Raising the prospects of progress in its bid for EU membership, Serbia ushered in the Orthodox New Year with an acknowledgment that its erstwhile province of Kosovo is all but lost. However, it reiterated its call for a degree of autonomy for ethnic Serbs in northern Kosovo.
Prime Minister Ivica Dacic conceded Serbia's sovereignty over the now independent Albanian-dominated province is all but lost. "Serbian sovereignty over Kosovo is practically non-existent," he told lawmakers, according to Reuters, before insisting that Serbs in Kosovo need institutions of government recognised by all sides, including Kosovo Albanians.
After more than 12 hours of debate, the Serb parliament adopted a resolution calling for broad autonomy for ethnic Serbs within the legal framework of Kosovo, thus offering implicit recognition of the authority of the Kosovo government over its entire territory.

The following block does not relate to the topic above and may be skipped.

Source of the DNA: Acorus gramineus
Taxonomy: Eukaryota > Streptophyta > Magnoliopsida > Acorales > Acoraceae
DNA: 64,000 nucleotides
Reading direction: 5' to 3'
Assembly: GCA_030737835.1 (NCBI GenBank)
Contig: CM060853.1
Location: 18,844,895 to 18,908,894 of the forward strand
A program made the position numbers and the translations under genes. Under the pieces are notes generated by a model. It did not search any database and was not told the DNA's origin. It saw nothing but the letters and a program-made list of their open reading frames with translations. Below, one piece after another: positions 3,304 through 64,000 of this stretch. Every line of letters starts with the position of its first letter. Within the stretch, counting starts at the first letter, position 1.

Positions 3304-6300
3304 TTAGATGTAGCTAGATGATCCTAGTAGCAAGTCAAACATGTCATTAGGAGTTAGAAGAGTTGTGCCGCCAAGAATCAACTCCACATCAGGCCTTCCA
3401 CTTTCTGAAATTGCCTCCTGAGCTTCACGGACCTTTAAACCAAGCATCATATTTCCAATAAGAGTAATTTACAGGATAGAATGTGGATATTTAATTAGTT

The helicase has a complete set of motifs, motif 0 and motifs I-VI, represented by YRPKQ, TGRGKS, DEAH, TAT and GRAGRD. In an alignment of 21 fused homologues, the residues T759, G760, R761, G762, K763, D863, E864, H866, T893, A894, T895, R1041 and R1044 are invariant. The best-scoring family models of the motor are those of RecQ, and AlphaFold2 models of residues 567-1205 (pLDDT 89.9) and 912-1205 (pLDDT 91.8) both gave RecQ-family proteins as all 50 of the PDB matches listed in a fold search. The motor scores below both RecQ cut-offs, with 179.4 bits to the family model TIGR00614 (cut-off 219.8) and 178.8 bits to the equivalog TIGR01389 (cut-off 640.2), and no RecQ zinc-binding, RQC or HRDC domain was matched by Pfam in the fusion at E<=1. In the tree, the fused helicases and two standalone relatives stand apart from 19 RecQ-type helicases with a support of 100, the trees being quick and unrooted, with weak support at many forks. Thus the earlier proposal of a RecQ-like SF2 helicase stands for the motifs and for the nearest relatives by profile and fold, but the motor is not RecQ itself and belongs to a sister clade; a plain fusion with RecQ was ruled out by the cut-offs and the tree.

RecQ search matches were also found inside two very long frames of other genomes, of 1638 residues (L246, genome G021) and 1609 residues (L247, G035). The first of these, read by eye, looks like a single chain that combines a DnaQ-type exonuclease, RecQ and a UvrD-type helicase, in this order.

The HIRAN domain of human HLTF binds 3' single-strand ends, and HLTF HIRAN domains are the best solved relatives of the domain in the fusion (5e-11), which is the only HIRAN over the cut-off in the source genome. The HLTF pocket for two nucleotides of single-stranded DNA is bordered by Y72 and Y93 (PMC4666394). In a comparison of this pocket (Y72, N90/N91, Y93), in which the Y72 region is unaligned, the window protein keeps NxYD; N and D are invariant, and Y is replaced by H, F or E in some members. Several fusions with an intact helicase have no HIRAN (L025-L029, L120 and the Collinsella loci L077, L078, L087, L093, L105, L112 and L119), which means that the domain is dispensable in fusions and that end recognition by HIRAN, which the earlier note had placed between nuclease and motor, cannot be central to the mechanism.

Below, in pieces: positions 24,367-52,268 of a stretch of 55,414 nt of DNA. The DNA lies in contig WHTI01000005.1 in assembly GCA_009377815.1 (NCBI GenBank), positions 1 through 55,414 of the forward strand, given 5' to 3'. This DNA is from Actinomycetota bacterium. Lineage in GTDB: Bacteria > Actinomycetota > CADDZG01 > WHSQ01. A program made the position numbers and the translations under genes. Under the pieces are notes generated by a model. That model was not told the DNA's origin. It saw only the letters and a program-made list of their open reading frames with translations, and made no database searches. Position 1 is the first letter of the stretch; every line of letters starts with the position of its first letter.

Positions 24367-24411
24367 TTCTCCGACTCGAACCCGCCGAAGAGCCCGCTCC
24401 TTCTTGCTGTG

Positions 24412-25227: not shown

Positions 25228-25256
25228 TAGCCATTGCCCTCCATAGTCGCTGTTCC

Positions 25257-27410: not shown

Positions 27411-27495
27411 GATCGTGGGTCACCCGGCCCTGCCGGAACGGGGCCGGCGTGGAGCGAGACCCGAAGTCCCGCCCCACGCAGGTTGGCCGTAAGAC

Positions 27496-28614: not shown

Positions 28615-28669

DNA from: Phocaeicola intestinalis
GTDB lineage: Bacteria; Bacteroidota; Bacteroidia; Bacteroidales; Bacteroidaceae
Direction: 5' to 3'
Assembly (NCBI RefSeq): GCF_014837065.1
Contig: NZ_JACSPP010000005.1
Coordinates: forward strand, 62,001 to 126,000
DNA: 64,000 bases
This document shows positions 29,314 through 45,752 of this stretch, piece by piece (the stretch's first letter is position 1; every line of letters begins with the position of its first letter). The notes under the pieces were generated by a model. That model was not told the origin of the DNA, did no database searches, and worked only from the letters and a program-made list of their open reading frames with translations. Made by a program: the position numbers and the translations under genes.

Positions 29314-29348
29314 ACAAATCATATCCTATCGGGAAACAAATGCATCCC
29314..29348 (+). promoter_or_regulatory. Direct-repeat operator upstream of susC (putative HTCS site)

One analyst called the resolution a "milestone", while hardline Serb nationalists predictably accused the government of betrayal at the behest of the EU. Brussels has said membership talks for Serbia depend on improved relations with Kosovo.
While the resolution reiterates that Serbia will never recognise the country of 1.7m people as independent, Dacic warned on January 12 that Belgrade could no longer afford "to keep its head in the sand" over the future of Kosovo.
Catherine Ashton is chairing talks between Dacic and his Kosovo counterpart, former guerrilla commander Hashim Thaci, which resume on January 17 in Brussels.
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